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Carbohydrate Metabolism 2
Terms in this set (48)
What is gluconeogenesis?
The formation of glucose from several different kinds of starting materials
What are the starting materials for gluconeogenesis?
Can start with pyruvate, TCA cycle compounds, or amino acids
How many reactions in the gluconeogenesis pathway are not shared between it and glycolysis?
Where in the body does gluconeogenesis occur?
Liver, sometimes kidney
What is the first irreversible reaction in gluconeogenesis? (hint: think of the last reaction in glycolysis)
Pyruvate -> PEP
Pyruvate -> PEP reaction - what happens, why it works, list the intermediate compound
1 ATP and 1 GTP are consumed because energy is needed to form a high energy compound (PEP)
Transport involved in pyruvate -> PEP reaction
Pyruvate carboxylase is in the mitochondria, and PEP carboxylase is in the cytoplasm
Oxaloacetate needs to be converted to malate for transport out of the mitochondria
Malate aspartate shuttle - connects with TCA cycle
Net movement of NADH to the cytoplasm, where it is needed later on
What is the second unique step in gluconeogenesis?
Fructose-1,6-bisP to G6P
What type of reaction is occurring in the fructose-1,6-bisP conversion to G6P in gluconeogenesis?
Dephosphorylation by a phosphatase
Isomerization to G6P
What is the third unique reaction in gluconeogenesis? (hint: think of the first reaction in glycolysis)
G6P to glucose
What type of reaction is occurring in the G6P conversion to glucose in gluconeogenesis?
Dephosphorylation by a phosphatase
Where in the cell can glucose be formed?
Mitochondria, cytoplasm, ER
Where is glucose exported from in order to enter the blood stream?
Glucose needs to be exported from the liver so it can reach the body tissues via the blood stream.
At what locations in the cell does gluconeogenesis occur?
Starts in the mitochondria, then moves to the cytoplasm
What is reduced and what is oxidized in gluconeogenesis? Is it catabolic or anabolic?
Pyruvate is reduced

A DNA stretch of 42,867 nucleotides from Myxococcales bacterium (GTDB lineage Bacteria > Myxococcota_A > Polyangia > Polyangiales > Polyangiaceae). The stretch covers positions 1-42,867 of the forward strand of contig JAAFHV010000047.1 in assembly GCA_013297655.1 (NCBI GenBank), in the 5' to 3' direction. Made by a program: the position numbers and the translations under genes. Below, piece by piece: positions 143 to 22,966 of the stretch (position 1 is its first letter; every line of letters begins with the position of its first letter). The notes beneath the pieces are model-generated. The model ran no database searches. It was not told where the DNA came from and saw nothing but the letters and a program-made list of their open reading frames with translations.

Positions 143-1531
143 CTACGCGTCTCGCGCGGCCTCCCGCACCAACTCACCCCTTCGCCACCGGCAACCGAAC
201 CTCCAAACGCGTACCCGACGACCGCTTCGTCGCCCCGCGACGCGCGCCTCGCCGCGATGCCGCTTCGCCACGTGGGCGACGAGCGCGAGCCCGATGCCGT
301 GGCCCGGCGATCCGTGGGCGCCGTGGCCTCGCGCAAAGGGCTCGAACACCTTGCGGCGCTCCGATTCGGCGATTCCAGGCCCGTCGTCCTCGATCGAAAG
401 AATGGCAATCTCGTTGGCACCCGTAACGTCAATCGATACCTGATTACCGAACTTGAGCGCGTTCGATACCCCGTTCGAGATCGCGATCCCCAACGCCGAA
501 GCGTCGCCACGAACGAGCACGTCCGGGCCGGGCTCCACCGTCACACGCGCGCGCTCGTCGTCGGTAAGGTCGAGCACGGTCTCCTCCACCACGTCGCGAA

NADH is oxidized
How much ATP is required to create 1 glucose molecule from 2 pyruvates?
What by-product is formed as a result of the irreversible reactions of gluconeogenesis?
Allosteric regulation of gluconeogenesis
Activated by high energy
Inhibited by low energy
Role of fructose-2,6-bisP, and what makes it
Determines how much glycolysis vs gluconeogenesis is occurring at any given time
Made by a kinase, destroyed by a phosphatase - both are part of the same enzyme
F-2,6-bisP PFK-2/FBPase-2 enzyme complex...how does it work?
Not phosphorylated: PFK-2 (kinase) is active
Stimulates glycolysis, activated by insulin
Phosphorylated: FBPase-2 (phosphatase) is active
Stimulates gluconeogenesis, activated by glucagon
Glycolysis vs. Gluconeogenesis: location within the cell
Gluconeogenesis: mitochondria, then cytoplasm
Glycolysis vs. Gluconeogenesis: starting point/product
Glycolysis: starts with glucose/other sugars, ends with pyruvate
Gluconeogenesis: starts with pyruvate/TCA compounds, ends with glucose/G6P
Glycolysis vs. Gluconeogenesis: intermediates
Glycolysis: intermediates are all used in gluconeogenesis
Gluconeogenesis: certain intermediates (oxaloacetate, malate) are not used in glycolysis
Glycolysis vs. Gluconeogenesis: reactions
Glycolysis: reactions shared except for 3
Gluconeogenesis: reactions shared except for 4 (5-6 if you count transport)